The Weekly Enterprise Customer Q&A: RPA vs. Chatbots, GUI Support, and NL Training Timelines

Editor’s note: Over the course of our two-and-half-year quest to build an enterprise grade Bots Platform, we’ve fielded hundreds of questions from developers, businesses, analysts, and reporters about the capabilities and uses of chatbots. The conversations started incredibly basic, like “What is a chatbot?” or “How is it different from an app?” But now, just like chatbot technology itself, the market knowledge is evolving, and we want to let you in on the types of discussions we’re having daily at Hopefully, these bi-weekly blogs will serve as sort of a running chronicle of all things related to chatbot development, and give you a greater glimpse of what to expect when considering bots for your company.

1. What is the difference between RPA software robots and chatbots?

This question comes up a lot. Many enterprises have “automation” initiatives underway. Specific industries and functions like manufacturing and field services have already reaped some value out of automating legacy, mundane processes, but now the conversation is changing and they’re asking us how chatbots relate to or conflict with their existing RPA strategies and investments.

On the surface, RPA robots, or Robotic Processing Automation software might sound a lot like a bot. RPA is typically a tool used for automating manual, time-consuming, complex, rule-based workflows, and functions for back-end administrative IT work. RPA robots are logic and algorithm driven and they execute pre-programmed rules on structured data and mimic humans in their logical processing and decision making. BUT, RPA robots lack complex, nonlinear process support, can replicate errors hundreds, if not thousands of times due to their reliance on programming scripts, can come with lots of hidden costs, and above all else, have been known to negatively impact employee morale because they’re literally meant to replace or reduce human labor.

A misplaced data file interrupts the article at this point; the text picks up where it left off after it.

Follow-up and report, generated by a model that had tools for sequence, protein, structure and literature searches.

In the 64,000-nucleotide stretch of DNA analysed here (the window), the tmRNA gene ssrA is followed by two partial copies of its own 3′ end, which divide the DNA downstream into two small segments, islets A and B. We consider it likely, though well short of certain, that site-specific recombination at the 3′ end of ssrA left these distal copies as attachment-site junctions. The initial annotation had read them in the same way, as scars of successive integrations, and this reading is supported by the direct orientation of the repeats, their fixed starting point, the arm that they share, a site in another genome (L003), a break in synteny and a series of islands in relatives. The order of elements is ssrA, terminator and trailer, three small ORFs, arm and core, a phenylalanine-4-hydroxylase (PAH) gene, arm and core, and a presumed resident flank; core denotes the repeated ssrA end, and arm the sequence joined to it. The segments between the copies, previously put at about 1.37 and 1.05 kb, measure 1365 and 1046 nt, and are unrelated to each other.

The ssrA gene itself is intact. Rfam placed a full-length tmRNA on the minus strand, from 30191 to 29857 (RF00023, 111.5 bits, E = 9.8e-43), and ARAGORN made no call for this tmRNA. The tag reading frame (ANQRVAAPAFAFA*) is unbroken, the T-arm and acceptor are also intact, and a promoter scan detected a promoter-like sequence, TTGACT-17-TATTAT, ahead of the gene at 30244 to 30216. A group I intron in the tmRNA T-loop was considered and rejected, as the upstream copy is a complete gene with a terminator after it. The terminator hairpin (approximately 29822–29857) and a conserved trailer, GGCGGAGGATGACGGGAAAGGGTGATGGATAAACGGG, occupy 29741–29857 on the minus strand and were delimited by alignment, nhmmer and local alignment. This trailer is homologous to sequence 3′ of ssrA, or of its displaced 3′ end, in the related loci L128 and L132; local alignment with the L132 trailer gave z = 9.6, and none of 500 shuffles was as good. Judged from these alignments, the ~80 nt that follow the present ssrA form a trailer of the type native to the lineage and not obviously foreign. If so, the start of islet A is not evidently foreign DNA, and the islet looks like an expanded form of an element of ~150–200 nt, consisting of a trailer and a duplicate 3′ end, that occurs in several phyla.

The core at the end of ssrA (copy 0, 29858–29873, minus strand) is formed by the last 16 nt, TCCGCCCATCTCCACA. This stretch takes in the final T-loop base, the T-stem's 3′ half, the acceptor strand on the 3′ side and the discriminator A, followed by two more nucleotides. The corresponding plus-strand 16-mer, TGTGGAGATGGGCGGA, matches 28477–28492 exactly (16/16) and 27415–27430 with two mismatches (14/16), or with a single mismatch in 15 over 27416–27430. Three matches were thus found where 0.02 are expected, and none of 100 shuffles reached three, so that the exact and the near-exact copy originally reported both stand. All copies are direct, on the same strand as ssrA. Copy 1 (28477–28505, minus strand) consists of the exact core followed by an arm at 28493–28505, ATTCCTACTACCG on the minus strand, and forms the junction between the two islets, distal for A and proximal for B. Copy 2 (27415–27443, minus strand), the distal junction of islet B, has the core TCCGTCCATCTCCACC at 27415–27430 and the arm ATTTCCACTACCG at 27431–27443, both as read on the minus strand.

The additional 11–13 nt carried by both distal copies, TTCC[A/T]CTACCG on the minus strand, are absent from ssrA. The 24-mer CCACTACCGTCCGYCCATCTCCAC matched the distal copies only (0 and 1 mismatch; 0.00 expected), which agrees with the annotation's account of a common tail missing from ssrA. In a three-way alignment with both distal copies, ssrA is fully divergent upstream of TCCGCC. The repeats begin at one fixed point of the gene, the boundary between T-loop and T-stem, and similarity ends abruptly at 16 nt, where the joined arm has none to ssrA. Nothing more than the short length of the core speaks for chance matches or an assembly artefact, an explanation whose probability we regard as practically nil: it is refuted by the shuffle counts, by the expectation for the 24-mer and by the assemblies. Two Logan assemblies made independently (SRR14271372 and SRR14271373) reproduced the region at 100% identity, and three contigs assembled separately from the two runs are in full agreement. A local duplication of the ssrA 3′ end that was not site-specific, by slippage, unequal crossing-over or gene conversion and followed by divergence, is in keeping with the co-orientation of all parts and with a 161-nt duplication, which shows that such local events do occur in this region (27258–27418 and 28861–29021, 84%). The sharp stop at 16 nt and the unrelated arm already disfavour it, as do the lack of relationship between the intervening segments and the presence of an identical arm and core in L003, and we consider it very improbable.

Chatbots, on the other hand, facilitate intelligent dialogue between people, systems, and things, which creates a back-and-forth exchange of information initiated by a human, rather than pre-programmed rules. They can live in virtually any channel, from websites and mobile apps, to emails, messaging platforms, collaboration tools, and more. This conversational UI not only widens the use case and task applications for chatbots far beyond that of RPAs, but it helps simplify complex interfaces for users, reduces app fatigue, makes digital interactions more human and positive for employees and customers.

This is a high level answer, but we’ve done the heavy lifting on RPA v. Chatbot research for you. For more information on this topic, you can read Robotic Process Automation Software Robots & Chatbots: What’s Different, What’s Similar? And What’s Next?

2. Is natural language the only way bots can communicate or are there times when a UI would be faster/more appropriate?